2) Perpetual Virginity

The expression perpetual virginity, ever-virgin, or simply "Mary the Virgin" refers primarily to the conception and birth of Jesus. From the first formulations of faith, especially in baptismal formulas or professions of faith, the Church professed that Jesus Christ was conceived without human seed by the power of the Holy Spirit only. Here lies the decisive meaning of expressions such as "conceived in the womb of the Virgin Mary," "Mary's virginal conception," or "virgin birth." The early baptismal formula (since the 3rd century) state Mary's virginity without further explaining it, but there is no doubt about its physical meaning. Later statements are more explicit. Mary conceived "without any detriment to her virginity, which remained inviolate even after his birth" (Council of the Lateran, 649).

Although never explicated in detail, the Catholic Church holds as dogma that Mary was and is Virgin before, in and after Christ's birth. It stresses thus the radical novelty of the Incarnation and Mary's no less radical and exclusive dedication to her mission as mother of her Son, Jesus Christ. Vatican II reiterated the teaching about Mary, the Ever-Virgin, by stating that Christ's birth did not diminish Mary's virginal integrity but sanctified it . The Catechism of the Catholic Church ponders the deeper meaning of the virgin bride and perpetual virginity (499-507). It also maintains that Jesus Christ was Mary's only child. The so-called "brothers and sisters" are close relations.^TOP^

3) Immaculate Conception

The solemn definition of Mary's Immaculate Conception is like Divine Motherhood and Perpetual Virginity part of the christological doctrine, but it was proclaimed as an independent dogma by Pope Pius IX in his Apostolic Constitution "Ineffabilis Deus" (December 8, 1854). Though highlighting a privilege of Mary it in fact stresses the dignity and holiness required to become "Mother of God." The privilege of the Immaculate Conception is the source and basis for Mary's all-holiness as Mother of God.

More specifically, the dogma of the Immaculate Conception states "that the most Blessed Virgin Mary, from the first moment of her conception, by a singular grace and privilege from Almighty God and in view of the merits of Jesus Christ, was kept free of every stain of original sin."

This dogma has both a "negative" and a "positive" meaning which complement each other. The "negative" meaning stresses Mary's freedom from original sin thanks to the anticipated or retroactive (here called preventive) grace of Christ's redemptive act. By the same token, the dogma suggests Mary's all-holiness. This "positive" meaning is the consequence of the absence of original sin. Mary's life is permanently and intimately related to God, and thus she is the all-holy.

Although difficult to explain, original sin provokes disorderliness in thought and behavior, especially with regard to the primacy of God's presence in our life. Consequently, in declaring Mary immaculately conceived, the Church sees in Mary one who never denied God the least sign of love. Thus, the dogma declares that from her beginning Mary was exceptionally holy and in constant union with the sanctifying grace of the Holy Spirit.^TOP^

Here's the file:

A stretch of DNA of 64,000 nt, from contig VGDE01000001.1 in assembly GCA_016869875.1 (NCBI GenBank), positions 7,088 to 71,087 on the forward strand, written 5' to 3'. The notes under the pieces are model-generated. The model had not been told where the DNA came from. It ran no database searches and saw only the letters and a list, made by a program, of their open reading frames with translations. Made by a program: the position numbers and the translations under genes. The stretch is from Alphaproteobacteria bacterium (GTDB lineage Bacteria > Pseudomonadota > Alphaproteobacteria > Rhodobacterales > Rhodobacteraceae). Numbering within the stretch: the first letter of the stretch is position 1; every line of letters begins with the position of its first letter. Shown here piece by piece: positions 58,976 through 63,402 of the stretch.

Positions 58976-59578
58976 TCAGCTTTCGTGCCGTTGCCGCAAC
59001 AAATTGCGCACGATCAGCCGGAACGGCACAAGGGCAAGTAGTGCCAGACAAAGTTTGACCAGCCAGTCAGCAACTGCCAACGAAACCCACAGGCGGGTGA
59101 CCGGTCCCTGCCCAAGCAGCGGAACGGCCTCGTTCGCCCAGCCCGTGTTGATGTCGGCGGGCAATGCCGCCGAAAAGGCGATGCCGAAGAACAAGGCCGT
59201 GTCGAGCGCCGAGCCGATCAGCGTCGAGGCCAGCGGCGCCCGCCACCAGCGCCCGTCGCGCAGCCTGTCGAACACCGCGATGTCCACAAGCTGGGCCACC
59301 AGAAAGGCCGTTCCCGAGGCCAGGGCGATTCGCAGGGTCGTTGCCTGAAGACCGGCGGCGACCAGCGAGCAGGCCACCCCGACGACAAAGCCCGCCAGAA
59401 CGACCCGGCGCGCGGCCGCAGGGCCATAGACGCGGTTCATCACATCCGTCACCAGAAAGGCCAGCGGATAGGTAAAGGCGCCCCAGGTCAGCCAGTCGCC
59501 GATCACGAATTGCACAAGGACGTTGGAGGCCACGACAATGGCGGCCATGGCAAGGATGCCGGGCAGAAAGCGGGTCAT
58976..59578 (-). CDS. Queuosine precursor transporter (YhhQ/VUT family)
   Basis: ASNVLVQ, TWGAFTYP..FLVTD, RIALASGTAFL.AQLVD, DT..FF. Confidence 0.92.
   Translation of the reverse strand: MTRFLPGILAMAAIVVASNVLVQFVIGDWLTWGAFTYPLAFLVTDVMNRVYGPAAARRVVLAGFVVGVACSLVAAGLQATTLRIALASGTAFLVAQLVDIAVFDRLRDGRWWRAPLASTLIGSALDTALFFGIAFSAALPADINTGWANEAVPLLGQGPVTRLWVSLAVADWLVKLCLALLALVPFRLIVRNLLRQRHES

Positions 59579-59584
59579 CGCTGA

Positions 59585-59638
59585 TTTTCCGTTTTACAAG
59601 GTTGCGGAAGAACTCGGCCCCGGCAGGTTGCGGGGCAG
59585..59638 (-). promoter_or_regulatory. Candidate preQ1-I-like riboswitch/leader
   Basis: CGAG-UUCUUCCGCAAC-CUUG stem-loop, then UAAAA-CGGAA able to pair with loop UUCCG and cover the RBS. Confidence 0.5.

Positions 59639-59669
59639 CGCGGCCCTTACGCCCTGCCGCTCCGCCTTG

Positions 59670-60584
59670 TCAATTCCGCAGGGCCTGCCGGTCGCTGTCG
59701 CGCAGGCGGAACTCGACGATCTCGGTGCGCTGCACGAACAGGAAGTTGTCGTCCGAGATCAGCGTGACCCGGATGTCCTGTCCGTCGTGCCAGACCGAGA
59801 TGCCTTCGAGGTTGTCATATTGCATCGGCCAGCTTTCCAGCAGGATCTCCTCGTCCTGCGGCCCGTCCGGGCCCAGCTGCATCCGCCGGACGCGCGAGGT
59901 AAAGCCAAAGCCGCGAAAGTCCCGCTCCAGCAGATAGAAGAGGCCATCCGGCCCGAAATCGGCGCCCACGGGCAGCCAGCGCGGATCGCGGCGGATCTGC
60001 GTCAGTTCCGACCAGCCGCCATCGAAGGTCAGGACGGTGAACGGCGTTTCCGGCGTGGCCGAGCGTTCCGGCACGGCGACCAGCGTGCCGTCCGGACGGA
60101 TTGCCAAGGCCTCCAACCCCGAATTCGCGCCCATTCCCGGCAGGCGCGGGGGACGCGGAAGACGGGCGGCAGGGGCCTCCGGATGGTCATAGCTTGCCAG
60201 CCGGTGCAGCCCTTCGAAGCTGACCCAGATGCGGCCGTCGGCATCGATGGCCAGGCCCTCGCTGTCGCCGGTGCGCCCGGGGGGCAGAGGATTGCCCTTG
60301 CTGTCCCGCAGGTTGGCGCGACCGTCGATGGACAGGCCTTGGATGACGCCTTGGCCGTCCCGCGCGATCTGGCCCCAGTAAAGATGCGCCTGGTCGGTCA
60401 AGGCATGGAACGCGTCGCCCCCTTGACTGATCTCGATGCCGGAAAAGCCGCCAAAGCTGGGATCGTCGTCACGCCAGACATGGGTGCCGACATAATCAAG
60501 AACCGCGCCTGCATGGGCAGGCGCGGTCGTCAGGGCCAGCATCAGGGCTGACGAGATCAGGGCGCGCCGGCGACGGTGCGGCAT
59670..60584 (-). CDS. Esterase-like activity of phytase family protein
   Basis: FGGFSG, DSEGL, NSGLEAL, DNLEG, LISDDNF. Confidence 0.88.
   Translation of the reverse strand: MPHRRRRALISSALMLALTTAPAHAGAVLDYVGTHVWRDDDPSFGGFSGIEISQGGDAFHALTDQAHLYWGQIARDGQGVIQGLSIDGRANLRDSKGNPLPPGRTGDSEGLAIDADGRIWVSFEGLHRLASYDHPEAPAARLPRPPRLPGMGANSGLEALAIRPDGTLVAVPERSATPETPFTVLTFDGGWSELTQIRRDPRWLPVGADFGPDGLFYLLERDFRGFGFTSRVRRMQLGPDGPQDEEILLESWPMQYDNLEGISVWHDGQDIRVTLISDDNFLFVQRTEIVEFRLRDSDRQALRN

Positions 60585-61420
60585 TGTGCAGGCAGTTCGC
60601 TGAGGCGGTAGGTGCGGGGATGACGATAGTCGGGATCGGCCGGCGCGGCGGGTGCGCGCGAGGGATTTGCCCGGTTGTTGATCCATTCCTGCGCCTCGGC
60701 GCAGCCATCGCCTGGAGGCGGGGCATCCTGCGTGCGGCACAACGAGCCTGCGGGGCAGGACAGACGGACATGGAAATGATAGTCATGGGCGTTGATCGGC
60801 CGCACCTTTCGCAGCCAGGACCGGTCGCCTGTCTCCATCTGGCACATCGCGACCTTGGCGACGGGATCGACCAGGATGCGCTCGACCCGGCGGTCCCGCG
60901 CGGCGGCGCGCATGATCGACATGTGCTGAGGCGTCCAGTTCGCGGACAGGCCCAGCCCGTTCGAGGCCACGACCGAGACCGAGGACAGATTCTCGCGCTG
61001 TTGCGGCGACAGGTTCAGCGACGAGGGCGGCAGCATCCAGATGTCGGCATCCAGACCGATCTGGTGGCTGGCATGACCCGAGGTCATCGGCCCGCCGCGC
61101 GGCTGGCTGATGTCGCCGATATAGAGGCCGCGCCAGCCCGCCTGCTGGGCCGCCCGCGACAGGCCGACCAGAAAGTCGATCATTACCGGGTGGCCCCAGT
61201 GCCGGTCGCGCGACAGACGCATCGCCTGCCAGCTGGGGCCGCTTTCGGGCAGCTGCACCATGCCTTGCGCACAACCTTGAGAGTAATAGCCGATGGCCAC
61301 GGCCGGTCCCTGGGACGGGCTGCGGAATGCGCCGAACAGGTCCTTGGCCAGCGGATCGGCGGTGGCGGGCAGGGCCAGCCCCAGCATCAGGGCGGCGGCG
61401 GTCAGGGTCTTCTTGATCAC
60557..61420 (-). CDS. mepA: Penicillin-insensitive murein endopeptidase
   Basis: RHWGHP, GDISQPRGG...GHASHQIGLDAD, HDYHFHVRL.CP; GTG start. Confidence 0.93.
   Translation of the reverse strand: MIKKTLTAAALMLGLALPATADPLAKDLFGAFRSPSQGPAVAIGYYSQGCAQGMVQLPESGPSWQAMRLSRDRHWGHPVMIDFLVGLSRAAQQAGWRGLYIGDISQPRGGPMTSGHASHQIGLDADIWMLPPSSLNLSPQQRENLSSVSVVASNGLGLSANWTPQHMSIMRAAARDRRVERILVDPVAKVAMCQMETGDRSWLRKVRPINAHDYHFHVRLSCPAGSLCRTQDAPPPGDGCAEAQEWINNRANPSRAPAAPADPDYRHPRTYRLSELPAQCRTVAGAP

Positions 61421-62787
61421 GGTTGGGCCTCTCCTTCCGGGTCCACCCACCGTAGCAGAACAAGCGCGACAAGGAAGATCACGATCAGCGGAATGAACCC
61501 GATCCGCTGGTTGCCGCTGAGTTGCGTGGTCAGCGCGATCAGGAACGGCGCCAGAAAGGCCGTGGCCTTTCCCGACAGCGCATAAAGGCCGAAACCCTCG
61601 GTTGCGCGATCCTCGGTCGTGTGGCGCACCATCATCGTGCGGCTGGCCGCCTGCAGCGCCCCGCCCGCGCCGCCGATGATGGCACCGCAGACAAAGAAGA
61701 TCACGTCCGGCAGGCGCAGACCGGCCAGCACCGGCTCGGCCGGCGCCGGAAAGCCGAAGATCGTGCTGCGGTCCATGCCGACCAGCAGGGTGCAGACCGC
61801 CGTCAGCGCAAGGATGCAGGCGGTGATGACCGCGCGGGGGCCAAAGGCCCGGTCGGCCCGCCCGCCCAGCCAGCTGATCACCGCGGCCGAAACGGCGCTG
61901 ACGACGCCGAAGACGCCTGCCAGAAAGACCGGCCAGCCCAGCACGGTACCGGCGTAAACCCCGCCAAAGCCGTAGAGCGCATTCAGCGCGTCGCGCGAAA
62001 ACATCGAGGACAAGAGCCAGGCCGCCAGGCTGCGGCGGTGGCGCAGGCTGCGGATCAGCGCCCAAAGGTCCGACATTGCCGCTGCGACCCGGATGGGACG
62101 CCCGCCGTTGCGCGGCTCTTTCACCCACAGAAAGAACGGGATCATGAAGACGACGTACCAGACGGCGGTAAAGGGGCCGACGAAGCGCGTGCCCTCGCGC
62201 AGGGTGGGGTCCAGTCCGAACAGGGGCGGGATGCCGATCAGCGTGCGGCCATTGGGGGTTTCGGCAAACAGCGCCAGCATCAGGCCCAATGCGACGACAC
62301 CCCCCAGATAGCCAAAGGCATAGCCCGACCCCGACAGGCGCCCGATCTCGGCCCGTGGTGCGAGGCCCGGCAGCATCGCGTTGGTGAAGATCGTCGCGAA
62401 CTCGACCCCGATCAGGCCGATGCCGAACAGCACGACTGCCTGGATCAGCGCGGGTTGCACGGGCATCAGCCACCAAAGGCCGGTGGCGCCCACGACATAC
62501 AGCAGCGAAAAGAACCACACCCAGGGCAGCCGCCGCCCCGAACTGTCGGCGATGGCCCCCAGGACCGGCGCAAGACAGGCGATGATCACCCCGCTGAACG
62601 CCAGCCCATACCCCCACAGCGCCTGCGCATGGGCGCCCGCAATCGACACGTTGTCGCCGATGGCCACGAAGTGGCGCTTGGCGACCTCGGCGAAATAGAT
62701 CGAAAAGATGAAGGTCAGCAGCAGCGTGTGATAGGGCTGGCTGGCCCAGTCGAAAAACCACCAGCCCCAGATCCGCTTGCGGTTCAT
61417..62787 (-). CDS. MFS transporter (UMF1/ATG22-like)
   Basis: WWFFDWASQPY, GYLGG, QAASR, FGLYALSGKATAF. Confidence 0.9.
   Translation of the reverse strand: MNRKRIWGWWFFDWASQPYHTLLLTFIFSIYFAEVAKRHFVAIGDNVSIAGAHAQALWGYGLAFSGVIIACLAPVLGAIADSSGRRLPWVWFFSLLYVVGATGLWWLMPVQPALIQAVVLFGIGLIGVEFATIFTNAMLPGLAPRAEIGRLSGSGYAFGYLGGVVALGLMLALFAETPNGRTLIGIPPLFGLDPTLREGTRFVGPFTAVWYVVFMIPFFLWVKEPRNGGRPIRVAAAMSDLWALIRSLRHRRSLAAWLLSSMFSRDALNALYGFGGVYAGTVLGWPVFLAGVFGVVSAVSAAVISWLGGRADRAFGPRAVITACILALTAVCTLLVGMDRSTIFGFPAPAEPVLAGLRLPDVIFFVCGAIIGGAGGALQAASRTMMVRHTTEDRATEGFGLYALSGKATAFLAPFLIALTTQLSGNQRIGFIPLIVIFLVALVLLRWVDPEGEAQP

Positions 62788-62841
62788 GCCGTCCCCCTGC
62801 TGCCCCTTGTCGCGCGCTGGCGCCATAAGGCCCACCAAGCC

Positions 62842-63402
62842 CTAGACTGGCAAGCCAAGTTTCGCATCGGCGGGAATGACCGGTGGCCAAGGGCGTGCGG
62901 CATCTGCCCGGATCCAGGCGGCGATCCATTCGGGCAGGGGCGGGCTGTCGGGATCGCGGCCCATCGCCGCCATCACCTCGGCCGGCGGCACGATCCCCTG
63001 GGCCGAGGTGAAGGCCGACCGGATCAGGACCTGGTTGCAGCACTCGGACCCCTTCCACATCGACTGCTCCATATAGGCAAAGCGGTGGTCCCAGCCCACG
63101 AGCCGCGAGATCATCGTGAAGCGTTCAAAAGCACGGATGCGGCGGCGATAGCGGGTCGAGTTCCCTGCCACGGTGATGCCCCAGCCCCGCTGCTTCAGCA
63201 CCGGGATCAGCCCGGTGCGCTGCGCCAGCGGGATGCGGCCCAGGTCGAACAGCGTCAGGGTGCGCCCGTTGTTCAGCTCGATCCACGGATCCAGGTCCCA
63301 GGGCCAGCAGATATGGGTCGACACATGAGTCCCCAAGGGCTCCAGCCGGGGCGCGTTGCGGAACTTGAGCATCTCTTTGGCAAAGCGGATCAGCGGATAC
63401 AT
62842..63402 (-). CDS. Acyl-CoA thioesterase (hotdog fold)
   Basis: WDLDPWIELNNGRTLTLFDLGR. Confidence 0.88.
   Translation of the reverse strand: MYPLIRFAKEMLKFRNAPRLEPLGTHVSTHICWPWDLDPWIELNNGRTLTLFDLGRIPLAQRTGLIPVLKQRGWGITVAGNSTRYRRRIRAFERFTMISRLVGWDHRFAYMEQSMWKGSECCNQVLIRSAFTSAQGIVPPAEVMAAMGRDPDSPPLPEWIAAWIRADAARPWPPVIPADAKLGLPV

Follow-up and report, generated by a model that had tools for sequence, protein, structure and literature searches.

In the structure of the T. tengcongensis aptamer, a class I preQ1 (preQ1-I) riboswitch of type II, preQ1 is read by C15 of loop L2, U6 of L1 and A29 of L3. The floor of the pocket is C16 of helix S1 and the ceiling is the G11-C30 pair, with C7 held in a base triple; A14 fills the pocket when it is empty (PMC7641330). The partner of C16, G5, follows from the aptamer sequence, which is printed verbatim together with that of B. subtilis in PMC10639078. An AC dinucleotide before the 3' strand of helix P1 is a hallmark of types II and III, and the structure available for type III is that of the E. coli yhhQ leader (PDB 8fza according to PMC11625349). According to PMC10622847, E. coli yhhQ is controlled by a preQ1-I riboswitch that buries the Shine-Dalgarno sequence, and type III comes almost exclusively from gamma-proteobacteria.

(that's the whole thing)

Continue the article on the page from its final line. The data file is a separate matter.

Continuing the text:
4) The Assumption

This marian dogma was proclaimed by Pope Pius XII on November 1, 1950 on his Encyclical Munificentissimus Deus.

A distinction needs to be made between Ascension and Assumption. Jesus Christ, Son of God and Risen Lord, ascended into heaven, a sign of divine power. Mary, on the contrary, was elevated or assumed into heaven by the power and grace of God.

The dogma states that "Mary, Immaculate Mother of God ever Virgin, after finishing the course of her life on earth, was taken up in body and soul to heavenly glory." This definition as well as that of the Immaculate Conception makes not only reference to the universal, certain and firm consent of the Magisterium but makes allusion to the concordant belief of the faithful. The Assumption had been a part of the Church's spiritual and doctrinal patrimony for centuries. It had been part of theological reflection but also of the liturgy and was part of the sense of the faithful.

This dogma has no direct basis in scripture. It was nonetheless declared "divinely revealed," meaning that it is contained implicitly in divine Revelation. It may be understood as the logical conclusion of Mary's vocation on earth, and the way she lived her life in union with God and her mission. The assumption may be seen as a consequence of Divine Motherhood. Being through, with, and for her Son on earth, it would seem fitting for Mary to be through, with, and for her Son in heaven, too. She was on earth the generous associate of her Son. The Assumption tells us that this association continues in heaven. Mary is indissolubly linked to her Son on earth and in heaven.

In heaven, Mary's active involvement in salvation history continues: "Taken up to heaven, she did not lay aside her salvific duty ... By her maternal love she cares for the brothers and sisters of her Son who still journey on earth" (LG). Mary is the "eschatological icon of the Church" (CCC 972), meaning the Church contemplates in Mary her own end of times.

The definition of the dogma does not say how the transition from Mary's earthly state to her heavenly state happened. Did Mary die? Was she assumed to heaven without prior separation of soul and body? The question remains open for discussion. However, the opinion that Mary passed through death as her Son did, has the stronger support in tradition.

Glorified in body and soul, Mary is already in the state that will be ours after the resurrection of the dead. ^TOP^